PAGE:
Surge in Diabetes Tied to Unhealthy Lifestyles: Doctors Call for Federal Research Funds

By Price, Joyce Howard | The Washington Times (Washington, DC), November 3, 1997 | Go to article overview
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Surge in Diabetes Tied to Unhealthy Lifestyles: Doctors Call for Federal Research Funds


Price, Joyce Howard, The Washington Times (Washington, DC)


The president-elect of the American Diabetes Association, Dr. Gerald Bernstein, says no one should be surprised by the explosion of diabetes in the United States today, confirmed in a new federal report.

Given that the population is older, fatter and less active, Dr. Bernstein says, the continued increase in diabetes was predictable. He also criticizes the federal government for "totally inadequate" levels of support for research.

With all its complications, he says, diabetes costs the nation about $140 billion a year - about 15 percent of all U.S. health expenditures.

"While cancer, HIV [and other major diseases] get $5 to $10 for research for every $100 spent on health care, diabetes gets just 25 cents," says Dr. Bernstein, director of the Harold Rifkin Diabetes Center in New York.

A report by the federal Centers for Disease Control and Prevention says about 16 million Americans currently have diabetes, but only about 10 million have been diagnosed. The number of diagnosed cases is up from 1.6 million in 1958.

Diabetes is the nation's seventh leading killer and was the primary cause of more than 59,200 deaths in 1995, according to the National Center for Health Statistics. But data also indicate it may have contributed to as many as 180,000 deaths that year.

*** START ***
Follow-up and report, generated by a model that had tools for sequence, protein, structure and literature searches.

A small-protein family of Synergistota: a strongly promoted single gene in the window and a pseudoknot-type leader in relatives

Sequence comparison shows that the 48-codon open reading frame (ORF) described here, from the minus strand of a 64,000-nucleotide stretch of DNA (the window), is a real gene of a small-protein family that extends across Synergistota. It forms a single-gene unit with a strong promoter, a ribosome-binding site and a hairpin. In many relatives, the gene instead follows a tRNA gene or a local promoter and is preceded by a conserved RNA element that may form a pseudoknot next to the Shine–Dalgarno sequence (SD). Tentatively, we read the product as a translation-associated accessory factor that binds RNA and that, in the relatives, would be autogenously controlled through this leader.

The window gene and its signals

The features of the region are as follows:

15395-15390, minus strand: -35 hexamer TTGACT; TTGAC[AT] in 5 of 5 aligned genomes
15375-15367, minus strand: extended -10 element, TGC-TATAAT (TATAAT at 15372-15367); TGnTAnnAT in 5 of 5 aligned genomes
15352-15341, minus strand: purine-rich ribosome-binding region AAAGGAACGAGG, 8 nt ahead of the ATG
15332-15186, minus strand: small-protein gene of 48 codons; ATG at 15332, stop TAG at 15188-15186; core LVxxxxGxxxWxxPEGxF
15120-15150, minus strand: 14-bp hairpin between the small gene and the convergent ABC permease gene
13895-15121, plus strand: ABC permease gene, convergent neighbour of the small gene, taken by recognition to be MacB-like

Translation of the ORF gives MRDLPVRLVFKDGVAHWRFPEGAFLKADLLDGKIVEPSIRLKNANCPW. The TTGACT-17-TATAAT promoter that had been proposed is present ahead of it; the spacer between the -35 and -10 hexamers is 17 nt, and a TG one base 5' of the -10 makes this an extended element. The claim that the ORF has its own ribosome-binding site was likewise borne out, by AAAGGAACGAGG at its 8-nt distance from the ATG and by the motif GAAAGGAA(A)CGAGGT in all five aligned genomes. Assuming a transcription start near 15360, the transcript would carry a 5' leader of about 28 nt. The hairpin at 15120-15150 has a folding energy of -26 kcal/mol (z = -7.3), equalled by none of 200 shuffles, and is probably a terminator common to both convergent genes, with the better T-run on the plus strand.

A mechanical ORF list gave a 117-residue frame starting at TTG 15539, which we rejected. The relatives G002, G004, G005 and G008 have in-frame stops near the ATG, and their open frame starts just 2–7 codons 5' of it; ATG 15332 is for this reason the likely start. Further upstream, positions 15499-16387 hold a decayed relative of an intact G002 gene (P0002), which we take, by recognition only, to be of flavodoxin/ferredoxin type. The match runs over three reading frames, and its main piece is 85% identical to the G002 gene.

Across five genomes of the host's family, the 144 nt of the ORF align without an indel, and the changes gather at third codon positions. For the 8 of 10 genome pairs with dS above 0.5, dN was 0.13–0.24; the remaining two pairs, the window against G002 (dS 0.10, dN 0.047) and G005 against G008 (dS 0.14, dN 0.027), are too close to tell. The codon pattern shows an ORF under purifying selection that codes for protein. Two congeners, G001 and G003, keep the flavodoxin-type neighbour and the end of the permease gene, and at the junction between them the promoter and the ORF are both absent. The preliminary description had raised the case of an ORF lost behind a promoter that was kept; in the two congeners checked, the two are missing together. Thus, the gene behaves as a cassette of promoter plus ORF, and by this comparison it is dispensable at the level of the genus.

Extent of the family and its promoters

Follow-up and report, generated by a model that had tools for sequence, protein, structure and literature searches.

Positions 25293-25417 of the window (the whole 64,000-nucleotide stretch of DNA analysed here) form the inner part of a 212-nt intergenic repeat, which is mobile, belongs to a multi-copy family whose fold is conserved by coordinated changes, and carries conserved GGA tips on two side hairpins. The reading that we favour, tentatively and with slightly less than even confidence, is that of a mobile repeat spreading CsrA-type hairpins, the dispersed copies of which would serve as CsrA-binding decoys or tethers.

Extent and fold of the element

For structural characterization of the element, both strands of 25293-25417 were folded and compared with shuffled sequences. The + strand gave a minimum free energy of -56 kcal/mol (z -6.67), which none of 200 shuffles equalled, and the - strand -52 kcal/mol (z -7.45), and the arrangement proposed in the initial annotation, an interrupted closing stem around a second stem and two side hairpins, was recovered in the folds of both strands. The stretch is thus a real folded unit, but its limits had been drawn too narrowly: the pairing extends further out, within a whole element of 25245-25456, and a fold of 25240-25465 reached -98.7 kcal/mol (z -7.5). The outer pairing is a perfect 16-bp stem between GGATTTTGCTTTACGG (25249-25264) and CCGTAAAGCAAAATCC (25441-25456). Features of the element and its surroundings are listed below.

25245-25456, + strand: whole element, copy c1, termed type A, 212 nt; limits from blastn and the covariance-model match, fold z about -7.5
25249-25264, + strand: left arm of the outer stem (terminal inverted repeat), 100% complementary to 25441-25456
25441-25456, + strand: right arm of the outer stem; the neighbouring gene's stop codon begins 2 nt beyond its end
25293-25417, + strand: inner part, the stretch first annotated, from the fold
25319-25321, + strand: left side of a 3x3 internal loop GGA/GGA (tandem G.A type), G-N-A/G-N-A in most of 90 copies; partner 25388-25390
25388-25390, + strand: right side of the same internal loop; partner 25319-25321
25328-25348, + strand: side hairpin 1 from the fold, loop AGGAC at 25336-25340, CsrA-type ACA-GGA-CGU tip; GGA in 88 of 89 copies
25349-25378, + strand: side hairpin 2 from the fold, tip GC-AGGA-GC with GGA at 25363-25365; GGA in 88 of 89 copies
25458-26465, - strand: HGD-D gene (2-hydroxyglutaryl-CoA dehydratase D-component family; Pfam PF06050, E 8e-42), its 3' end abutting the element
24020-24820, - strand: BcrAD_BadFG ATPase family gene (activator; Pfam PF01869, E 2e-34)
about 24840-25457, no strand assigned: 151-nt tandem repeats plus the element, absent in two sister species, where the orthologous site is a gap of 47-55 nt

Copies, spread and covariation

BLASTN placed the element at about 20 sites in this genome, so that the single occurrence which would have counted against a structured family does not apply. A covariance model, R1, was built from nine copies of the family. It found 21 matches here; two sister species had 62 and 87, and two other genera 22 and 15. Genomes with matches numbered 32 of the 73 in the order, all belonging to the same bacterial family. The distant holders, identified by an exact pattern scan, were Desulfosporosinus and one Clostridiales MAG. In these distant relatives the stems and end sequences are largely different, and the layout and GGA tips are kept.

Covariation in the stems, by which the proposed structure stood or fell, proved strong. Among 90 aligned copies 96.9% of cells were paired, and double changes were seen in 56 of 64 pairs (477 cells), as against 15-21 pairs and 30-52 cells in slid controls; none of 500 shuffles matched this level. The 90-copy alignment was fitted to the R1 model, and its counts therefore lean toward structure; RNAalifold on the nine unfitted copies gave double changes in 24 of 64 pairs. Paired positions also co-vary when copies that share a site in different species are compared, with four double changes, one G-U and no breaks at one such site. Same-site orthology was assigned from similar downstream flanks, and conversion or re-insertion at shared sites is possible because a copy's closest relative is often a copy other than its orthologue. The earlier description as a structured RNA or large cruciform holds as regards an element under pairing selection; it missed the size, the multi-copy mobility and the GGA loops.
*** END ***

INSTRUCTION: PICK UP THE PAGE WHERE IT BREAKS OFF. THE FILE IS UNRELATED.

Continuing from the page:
"We are becoming a more overweight population, we are less active and we are also getting somewhat older," says Dr. Frank Vinicor, director of the CDC's diabetes division. "If you put all of those factors together, we are seeing a chronic disease epidemic occurring."

Diabetes is a disease caused by a deficiency of insulin, a hormone secreted by the pancreas that is necessary for the metabolism of sugar.

Of the estimated 16 million diabetics in the United States today, less than 1 million have Type I diabetes, meaning their pancreases do not work at all, and they are insulin-dependent. Type I diabetes usually occurs in childhood or adolescence.

The overwhelming majority of diabetics have Type 2 diabetes, a form of the disease that usually occurs after age 40 and is usually treated by diet, pills or both.

"The prevalence of Type 2 diabetes is increasing tremendously in the United States as people adapt more sedentary lifestyles and obesity increases," says Dr. Stephen Clement, director of the Diabetes Center at Georgetown University Medical Center.

Dr. Bernstein says "more women die of diabetes than breast cancer."

Nevertheless, he says, it has been hard to "politicize" diabetes except when young children are involved, because the average Type 2 diabetic is a "fat [adult] individual who's not compliant" with recommendations that he or she exercise and adopt a healthy diet.

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